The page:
I want to get the BMV712 battery monitor hooked up to the VRM soon so I can see my battery capacity remotely too. In person at the trailer today I saw my battery’s state of charge was at 76% (of 156 Ah).

Another consideration is I’ve burned through about half of my 500 MB data plan already. It is not the trailer’s fault. I realized today my phone was automatically connecting to the trailer’s wifi when I was in range! Phones use up data super fast. If you use your phone to set up or test the Sixfab wifi, be sure to set “Join Automatically” to NO and set the network properties to “Low Data Mode” so your phone won’t use it to do a bunch if downloads in the background. Now I just need to be more disciplined to not be playing around on the VRM app all the time, so the remaining data lasts for the rest of the month.
My off-road camper build on an M116A3 military chassis:
http://www.tnttt.com/viewtopic.php?f=50&t=62581
Tow vehicle: 2008 Jeep Liberty with a 4 inch lift.
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Re: M116A3 Build

Postby bdosborn » Sun Jan 09, 2022 9:59 am

Can you use the Raspberry Pi's Ethernet port to set up a LAN? Can you pick the WiFi LAN address? Can you have the Pi bridge to a local WiFi if one is present? I've been using my phone for WiFi in the camper but the Raspberry Pi approach is looking pretty cool.

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Re: M116A3 Build

Postby lfhoward » Sun Jan 09, 2022 11:11 am

bdosborn wrote:Can you use the Raspberry Pi's Ethernet port to set up a LAN? Can you pick the WiFi LAN address? Can you have the Pi bridge to a local WiFi if one is present? I've been using my phone for WiFi in the camper but the Raspberry Pi approach is looking pretty cool.

Bruce

Yes, you totally can. You could pick up a local wifi on your Rpi and share it throughout the trailer via the ethernet port. Or you could plug in an ethernet cord from your house to the Rpi and have it share the internet over the Rpi’s wifi, becoming a wireless router. Or, in my case, I have an Rpi connecting to the internet through cellular and creating a Wifi network because I am not parked in range of any local wifi source. The SSH code to set the Rpi’s up in any of these ways is available online and not too hard to follow. And you can choose to set up static IP addresses if you want. I assume there would be a way to make an Rpi into an extender/repeater for your house’s wifi too, but haven’t looked into that.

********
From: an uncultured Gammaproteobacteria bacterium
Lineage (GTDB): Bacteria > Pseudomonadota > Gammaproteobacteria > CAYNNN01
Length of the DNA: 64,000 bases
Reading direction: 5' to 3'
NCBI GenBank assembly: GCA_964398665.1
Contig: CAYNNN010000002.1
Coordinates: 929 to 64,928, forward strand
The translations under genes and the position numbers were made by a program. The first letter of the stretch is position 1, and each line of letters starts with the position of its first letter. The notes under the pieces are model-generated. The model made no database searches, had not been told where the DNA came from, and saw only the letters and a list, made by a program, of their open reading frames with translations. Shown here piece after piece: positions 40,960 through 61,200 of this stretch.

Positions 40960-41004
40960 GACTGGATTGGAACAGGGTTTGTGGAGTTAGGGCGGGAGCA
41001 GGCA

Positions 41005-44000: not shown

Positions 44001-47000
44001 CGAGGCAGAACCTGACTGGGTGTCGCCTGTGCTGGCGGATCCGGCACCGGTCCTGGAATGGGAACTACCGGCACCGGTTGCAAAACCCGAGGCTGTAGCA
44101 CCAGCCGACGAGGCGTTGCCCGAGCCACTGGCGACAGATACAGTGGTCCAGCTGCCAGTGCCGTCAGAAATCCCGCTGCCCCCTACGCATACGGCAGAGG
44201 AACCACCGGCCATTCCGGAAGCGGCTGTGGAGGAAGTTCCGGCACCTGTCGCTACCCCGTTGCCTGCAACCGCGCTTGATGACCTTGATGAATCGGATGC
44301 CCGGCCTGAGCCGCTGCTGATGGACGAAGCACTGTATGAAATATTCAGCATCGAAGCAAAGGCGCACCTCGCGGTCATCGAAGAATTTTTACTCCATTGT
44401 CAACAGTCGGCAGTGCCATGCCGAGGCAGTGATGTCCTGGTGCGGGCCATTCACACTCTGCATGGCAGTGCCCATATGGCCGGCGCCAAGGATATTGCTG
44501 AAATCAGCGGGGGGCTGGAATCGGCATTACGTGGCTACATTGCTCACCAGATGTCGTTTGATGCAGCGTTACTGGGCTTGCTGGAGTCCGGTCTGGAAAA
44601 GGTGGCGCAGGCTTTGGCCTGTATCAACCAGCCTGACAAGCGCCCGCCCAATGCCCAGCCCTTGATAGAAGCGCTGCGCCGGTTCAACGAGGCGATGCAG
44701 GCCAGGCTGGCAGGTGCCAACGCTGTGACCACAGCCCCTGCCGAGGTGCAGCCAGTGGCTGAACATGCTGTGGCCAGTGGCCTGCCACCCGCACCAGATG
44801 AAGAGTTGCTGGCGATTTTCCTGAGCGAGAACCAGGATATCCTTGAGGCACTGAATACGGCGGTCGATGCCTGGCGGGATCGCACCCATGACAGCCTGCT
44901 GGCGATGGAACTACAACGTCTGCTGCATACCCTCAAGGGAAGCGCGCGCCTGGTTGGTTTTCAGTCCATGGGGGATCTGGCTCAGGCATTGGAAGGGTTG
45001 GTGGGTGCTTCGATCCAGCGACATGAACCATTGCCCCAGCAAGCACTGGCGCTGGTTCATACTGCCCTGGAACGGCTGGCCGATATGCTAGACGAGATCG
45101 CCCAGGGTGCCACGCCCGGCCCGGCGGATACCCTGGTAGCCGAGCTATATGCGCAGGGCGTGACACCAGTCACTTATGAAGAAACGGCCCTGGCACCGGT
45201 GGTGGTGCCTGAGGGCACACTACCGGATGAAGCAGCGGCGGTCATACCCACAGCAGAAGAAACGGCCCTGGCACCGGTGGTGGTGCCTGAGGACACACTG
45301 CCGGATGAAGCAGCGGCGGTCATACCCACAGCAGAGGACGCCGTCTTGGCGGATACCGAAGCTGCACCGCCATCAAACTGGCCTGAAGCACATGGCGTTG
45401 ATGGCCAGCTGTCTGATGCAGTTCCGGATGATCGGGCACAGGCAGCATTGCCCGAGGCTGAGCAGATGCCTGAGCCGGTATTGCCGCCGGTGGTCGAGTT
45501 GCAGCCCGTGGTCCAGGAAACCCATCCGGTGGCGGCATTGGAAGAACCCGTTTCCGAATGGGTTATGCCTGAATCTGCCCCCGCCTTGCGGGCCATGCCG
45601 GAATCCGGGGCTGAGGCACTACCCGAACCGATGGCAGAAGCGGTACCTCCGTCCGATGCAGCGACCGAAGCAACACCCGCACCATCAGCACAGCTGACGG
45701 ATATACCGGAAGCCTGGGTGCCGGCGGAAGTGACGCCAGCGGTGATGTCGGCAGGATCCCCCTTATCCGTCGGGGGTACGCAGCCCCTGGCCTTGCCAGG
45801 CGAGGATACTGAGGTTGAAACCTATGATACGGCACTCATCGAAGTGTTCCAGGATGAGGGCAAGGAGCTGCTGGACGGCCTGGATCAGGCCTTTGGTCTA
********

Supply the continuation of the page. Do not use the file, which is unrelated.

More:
My off-road camper build on an M116A3 military chassis:
http://www.tnttt.com/viewtopic.php?f=50&t=62581
Tow vehicle: 2008 Jeep Liberty with a 4 inch lift.
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Re: M116A3 Build

Postby lfhoward » Mon Jan 10, 2022 12:33 pm

Solar update: I got the trailer to collect 13 amp hours of power today by heating the battery before sunup! The heater took up 5 amp hours of that current, giving me a net production of 8. The sun is behind a tree now so not much more power will be collected today. The unfortunate thing is the two Raspberry Pi’s use 12 amp hours per day so I have a net power drain of 4 amp hours per day. It would be less of a deficit if the temperature was warmer and I didn’t have to run the battery heater, enough to break even. It’s because we are in the time of year with the shortest days! Today was not cloudy.

So, I have a couple of options.
Option 1: charge the battery every 2 weeks or so by plugging it in. I would need it to be plugged in for 3-4 hours (30 amp charger, 156 Ah battery).
Option 2: set the Raspberry Pi’s to not be on all the time. I could cut the power to them for 22 hours of the day by having them use the streetlight function of the charge controller.

I will probably go with option 1 later this week. I am still experimenting with the system and want to see data for what’s happening with solar. I have a few more cold but sunny days coming up where I want to try and optimize the system. Today I had it warming up the battery 2 hours before sunrise, which seemed to be a bit early compared to solar generation (good power starting at 8:30 am). Tomorrow I will try 1 hour before sunrise.

Later I might try option 2. The tradeoff would be I would only have remote control of the solar system for 2 hours a day, and it would only collect data during those 2 hours. But I would not have to visit the trailer and manually charge it.